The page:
|Benefit-Cost Summary Statistics Per Participant|
|Taxpayers||$1,137||Benefits minus costs||$2,206|
|Participants||($831)||Benefit to cost ratio||$2.25|
|Others||$3,832||Chance the program will produce|
|Indirect||($165)||benefits greater than the costs||58 %|
|Net program cost||($1,767)|
|Benefits minus cost||$2,206|
|Meta-Analysis of Program Effects|
|Outcomes measured||Treatment age||No. of effect sizes||Treatment N||Adjusted effect sizes(ES) and standard errors(SE) used in the benefit - cost analysis||Unadjusted effect size (random effects model)|
|First time ES is estimated||Second time ES is estimated|
Alcohol use before end of high school
Any use of alcohol by the end of high school, typically between ages 14 and 18.
STD risky behavior^
For youth, this outcome includes unprotected sex and other behaviors. For high-risk drug users, this also includes intravenous drug use.
Smoking before end of high school^^
Any smoking of tobacco by the end of high school, typically between ages 14 and 18.
Cannabis use before end of high school
Any use of cannabis by the end of high school, typically between ages 14 and 18.
Disruptive behavior disorder symptoms
Clinical diagnosis of a disruptive behavior disorder (e.g., conduct disorder, oppositional defiant disorder) or symptoms measured on a validated scale.
Illicit drug use before end of high school
Any use of illicit drugs by the end of high school, typically between ages 14 to 18. When possible, we exclude cannabis/marijuana use disorder from this outcome.
Problem alcohol use^^
Alcohol use reflecting problem behaviors (e.g., high frequency drinking, binge drinking, or drinking that has a high impact on daily life) for individuals who do not have an alcohol use disorder.
Any criminal conviction according to court records, sometimes measured through charges, arrests, incarceration, or self-report.
|Detailed Monetary Benefit Estimates Per Participant|
|Affected outcome:||Resulting benefits:1||Benefits accrue to:|
|Crime||Criminal justice system||$1,120||$0||$2,788||$560||$4,467|
|Labor market earnings associated with high school graduation||$535||$1,256||$688||$0||$2,479|
|Costs of higher education||($89)||($134)||($40)||($44)||($307)|
|Disruptive behavior disorder symptoms||K-12 grade repetition||$12||$0||$0||$6||$18|
|K-12 special education||$46||$0||$0||$23||$69|
|Health care associated with disruptive behavior disorder||$390||$110||$402||$195||$1,097|
|Alcohol use before end of high school||Labor market earnings associated with alcohol abuse or dependence||($876)||($2,057)||$0||$0||($2,933)|
|Property loss associated with alcohol abuse or dependence||$0||($3)||($6)||$0||($10)|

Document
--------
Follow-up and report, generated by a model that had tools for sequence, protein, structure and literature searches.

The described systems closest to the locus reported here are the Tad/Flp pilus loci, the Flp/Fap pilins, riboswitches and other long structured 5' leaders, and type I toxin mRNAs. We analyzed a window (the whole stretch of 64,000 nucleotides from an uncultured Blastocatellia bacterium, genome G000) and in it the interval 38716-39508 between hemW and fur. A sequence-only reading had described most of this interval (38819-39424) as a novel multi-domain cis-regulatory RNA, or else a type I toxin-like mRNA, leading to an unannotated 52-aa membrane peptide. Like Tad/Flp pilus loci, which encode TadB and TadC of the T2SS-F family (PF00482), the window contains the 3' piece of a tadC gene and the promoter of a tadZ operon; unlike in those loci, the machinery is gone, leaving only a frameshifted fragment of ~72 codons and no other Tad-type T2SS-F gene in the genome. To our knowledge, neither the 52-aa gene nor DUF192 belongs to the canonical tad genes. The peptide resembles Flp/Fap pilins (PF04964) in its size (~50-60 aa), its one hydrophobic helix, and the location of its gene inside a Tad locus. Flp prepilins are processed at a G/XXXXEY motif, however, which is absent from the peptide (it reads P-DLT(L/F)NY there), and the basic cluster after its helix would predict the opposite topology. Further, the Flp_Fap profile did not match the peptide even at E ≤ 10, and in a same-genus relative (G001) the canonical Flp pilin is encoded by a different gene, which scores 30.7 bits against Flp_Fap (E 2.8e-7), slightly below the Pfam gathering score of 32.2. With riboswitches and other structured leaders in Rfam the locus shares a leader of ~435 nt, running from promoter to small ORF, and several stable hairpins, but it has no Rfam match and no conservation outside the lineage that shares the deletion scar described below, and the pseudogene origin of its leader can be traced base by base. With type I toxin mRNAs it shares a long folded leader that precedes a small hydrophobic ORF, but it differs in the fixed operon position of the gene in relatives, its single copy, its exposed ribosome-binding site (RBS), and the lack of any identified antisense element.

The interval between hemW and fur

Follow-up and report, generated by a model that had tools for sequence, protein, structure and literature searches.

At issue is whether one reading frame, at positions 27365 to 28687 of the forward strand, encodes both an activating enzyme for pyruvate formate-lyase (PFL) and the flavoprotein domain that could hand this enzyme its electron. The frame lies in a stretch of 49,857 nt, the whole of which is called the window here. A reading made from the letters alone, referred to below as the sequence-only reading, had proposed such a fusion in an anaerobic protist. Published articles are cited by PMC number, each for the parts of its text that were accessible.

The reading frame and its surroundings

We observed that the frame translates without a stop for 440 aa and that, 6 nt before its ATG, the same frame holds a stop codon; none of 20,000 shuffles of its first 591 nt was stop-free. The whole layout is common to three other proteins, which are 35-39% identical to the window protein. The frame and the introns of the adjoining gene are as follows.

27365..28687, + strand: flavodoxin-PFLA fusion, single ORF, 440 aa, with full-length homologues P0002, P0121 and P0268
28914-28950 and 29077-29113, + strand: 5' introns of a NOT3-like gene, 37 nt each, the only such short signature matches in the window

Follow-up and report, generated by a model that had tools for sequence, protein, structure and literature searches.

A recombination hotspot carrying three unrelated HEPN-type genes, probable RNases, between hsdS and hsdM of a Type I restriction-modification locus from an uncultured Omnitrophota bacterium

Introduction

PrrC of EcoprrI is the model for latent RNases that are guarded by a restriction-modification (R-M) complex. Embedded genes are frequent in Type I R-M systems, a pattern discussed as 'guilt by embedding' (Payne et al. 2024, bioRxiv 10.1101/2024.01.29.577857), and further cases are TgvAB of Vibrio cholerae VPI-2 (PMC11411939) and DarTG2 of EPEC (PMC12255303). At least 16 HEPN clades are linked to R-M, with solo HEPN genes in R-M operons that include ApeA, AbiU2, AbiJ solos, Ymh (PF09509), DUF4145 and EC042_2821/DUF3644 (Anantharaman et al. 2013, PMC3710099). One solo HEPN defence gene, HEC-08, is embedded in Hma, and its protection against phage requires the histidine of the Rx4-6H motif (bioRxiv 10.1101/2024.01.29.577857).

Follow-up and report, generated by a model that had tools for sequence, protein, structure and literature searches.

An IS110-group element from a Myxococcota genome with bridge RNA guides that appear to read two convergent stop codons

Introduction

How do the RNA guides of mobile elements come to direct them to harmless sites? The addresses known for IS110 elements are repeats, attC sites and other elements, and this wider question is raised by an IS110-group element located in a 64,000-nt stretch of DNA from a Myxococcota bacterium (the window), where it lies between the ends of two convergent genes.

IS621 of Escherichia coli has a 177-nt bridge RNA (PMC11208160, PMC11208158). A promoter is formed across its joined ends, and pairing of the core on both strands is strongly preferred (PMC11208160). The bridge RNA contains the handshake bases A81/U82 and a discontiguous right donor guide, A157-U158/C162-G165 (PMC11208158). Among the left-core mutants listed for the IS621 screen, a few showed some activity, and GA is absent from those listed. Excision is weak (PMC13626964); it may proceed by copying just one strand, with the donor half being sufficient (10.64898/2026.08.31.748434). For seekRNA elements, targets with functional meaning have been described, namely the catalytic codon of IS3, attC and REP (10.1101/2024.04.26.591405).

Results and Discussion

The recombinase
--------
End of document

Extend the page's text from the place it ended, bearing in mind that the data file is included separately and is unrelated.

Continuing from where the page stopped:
|Mortality associated with alcohol||($1)||($3)||$0||($20)||($24)|
|Program cost||Adjustment for deadweight cost of program||$0||$0||$0||($883)||($883)|
|Detailed Annual Cost Estimates Per Participant|
|Annual cost||Year dollars||Summary|
|Program costs||$2,595||2015||Present value of net program costs (in 2018 dollars)||($1,767)|
|Comparison costs||$868||2010||Cost range (+ or -)||20 %|
Benefits Minus Costs
Benefits by Perspective
Taxpayer Benefits by Source of Value
|Benefits Minus Costs Over Time (Cumulative Discounted Dollars)|
|The graph above illustrates the estimated cumulative net benefits per-participant for the first fifty years beyond the initial investment in the program. We present these cash flows in discounted dollars. If the dollars are negative (bars below $0 line), the cumulative benefits do not outweigh the cost of the program up to that point in time. The program breaks even when the dollars reach $0. At this point, the total benefits to participants, taxpayers, and others, are equal to the cost of the program. If the dollars are above $0, the benefits of the program exceed the initial investment.|
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Nickel, M., Luley, J., Krawczyk, J., Nickel, C., Widermann, C., Lahmann, C., Muehlbacher, M., . . . Loew, T. (2006). Bullying girls—changes after Brief Strategic Family Therapy: A randomized, prospective, controlled trial with one-year follow-up. Psychotherapy and Psychosomatics, 75(1), 47-55.
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Santisteban, D.A., Coatsworth, J.D., Perez-Vidal, A., Kurtines, W.M., Schwartz, S.J., LaPerriere, A., & Szapocznik, J. (2003). Efficacy of brief strategic family therapy in modifying Hispanic adolescent behavior problems and substance use. Journal of Family Psychology, 17(1), 121-133.